Thursday, October 18, 2012

The Children of Laos

On a road trip to North Eastern Laos in September 2011, what I noticed everywhere I went was the children. They seemed to be everywhere, on the roads, in the mountains, markets, rice paddies, schools, workplaces, restaurants and on their bicycles.

Many of the children I encountered were living precariously along the side of the highways (if you could call almost single road lanes that) with their parents in houses made from Bamboo and whatever local jungle products they could use. Many of them had been moved to these roadside villages by the Government of Laos from their villages deep within the jungles and mountains.

It seemed that the poorest were the Hmong people, who seemed to have paid a high price for their resistance to the Laos Communist Party and Government and tacit support of Americans during the Vietnam War.

However, what I have noticed right across Laos and most underdeveloped countries I have visited is the resilience of the people and children in particular.

They may have traffic passing by within centimetres of their homes, but they find somewhere to play and create their own games and are often tasked with the care of younger siblings as you will see in these photographs.

Another thing I noticed was that Laos seemed to be on the move, a lot of children were in school, riding new bicycles, dressed relatively well and seemed to be enjoying some sort of 'normal child lifestyle', that many in more developed countries take for granted. However, this seemed to be isolated to the bigger towns and villages and the further out we got from these the poor the children and their families seemed to be.

What I remember most and what these photographs have brought back to me, is the smiles, sometimes fear and wonder, joy and willingness to approach me and say 'Sabai Dee'.

I also remember the trepidation of some, who may not have seen a foreigner before or at least not one not passing by on a bus. Some were genuinely scared while others just seemed real interested and wanted to touch my skin, hair and especially the hair on my legs and arms which they found to be a real novelty!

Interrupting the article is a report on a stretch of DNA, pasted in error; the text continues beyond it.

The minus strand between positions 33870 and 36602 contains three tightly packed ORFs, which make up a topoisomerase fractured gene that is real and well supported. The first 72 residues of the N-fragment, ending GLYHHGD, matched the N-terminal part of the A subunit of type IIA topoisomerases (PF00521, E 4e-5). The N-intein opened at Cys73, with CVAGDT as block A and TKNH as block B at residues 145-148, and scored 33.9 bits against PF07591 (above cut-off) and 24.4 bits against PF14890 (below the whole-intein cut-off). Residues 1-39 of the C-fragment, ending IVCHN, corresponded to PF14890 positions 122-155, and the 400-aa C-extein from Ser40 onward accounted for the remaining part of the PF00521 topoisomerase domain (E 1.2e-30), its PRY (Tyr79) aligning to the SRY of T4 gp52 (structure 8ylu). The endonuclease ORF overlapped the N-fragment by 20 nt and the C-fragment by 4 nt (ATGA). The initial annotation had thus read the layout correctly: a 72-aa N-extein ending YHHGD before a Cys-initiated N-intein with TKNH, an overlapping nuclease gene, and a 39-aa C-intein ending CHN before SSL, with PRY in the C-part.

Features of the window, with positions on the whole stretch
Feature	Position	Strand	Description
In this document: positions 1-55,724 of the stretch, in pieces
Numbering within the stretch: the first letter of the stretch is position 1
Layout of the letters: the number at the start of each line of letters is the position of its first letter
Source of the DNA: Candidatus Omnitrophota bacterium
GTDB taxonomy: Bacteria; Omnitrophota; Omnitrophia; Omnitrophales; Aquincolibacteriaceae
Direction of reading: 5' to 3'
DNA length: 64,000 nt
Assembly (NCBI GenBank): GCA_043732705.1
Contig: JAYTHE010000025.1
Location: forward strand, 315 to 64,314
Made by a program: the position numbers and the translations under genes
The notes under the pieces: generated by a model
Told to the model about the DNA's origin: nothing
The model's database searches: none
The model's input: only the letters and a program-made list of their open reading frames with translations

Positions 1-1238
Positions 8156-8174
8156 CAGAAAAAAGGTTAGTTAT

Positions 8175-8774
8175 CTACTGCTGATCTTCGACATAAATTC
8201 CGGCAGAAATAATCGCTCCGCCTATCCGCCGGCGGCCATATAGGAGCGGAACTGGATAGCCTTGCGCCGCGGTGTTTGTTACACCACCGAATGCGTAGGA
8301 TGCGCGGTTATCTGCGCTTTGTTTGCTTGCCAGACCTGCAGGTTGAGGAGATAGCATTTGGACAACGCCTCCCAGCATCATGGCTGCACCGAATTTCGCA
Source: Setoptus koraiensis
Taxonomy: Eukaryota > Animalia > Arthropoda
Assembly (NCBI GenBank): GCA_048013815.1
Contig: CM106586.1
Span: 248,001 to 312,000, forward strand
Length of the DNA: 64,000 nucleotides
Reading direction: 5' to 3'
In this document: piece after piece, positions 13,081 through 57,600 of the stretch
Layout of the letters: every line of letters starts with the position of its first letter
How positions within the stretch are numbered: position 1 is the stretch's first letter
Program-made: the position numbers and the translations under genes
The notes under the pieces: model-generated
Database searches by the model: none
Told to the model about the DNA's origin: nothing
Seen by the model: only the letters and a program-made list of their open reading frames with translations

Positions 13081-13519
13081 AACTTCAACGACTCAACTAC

All seemed unblemished by the pace of the modern world, which has barely touched many of them, hence their playgrounds are fields, mountains, streams and rivers, not play stations, junk food outlets and tv, which many children in developed nations are subjected to.

The one memory of this trip that will stay with me forever is the little girl below, who was struggling while walking uphill carrying a load of logs in a bag on her back held on by a headstrap. I could not even lift the logs myself.

Anyway enjoy this journey with me through the eyes of The Children of Laos and let me know what you think...

Rob Steer

More Pics on Flickr


  1. Wow...the things we take for granted!!! I just couldn't imagine HKS n RJS carrying ONE log let alone a load of logs!!! Amazing photos Rob, I particularly love 4th one down from top. Well done!

    1. Thanks Gab, much appreciated! Yes the children in some countries do it very very hard, a reality check is always a good thing, but in this case was hard to witness.

  2. Rob, these pics are amazing and your experiences wonderful. These people are so resilient and the children beautiful. Although it would be hard to have to carry those logs, it just goes to show how strong these people are, it was the same in Nepal, seeing kids carrying 10 kilo sacks of rice I could barely hold, I'm not sure it's such a bad thing (that part of it anyway). Thanks for the beautiful look see and the memories that come back.

    1. Thanks Ag for the kind comment and for taking the time. It has been really good starting to look thru these pics, many I have not seen since I first shot them. I have so many photographs to get thru but am getting there. I agree with what you say about the strength of the people and their resilience. It makes me realise just how lucky I am.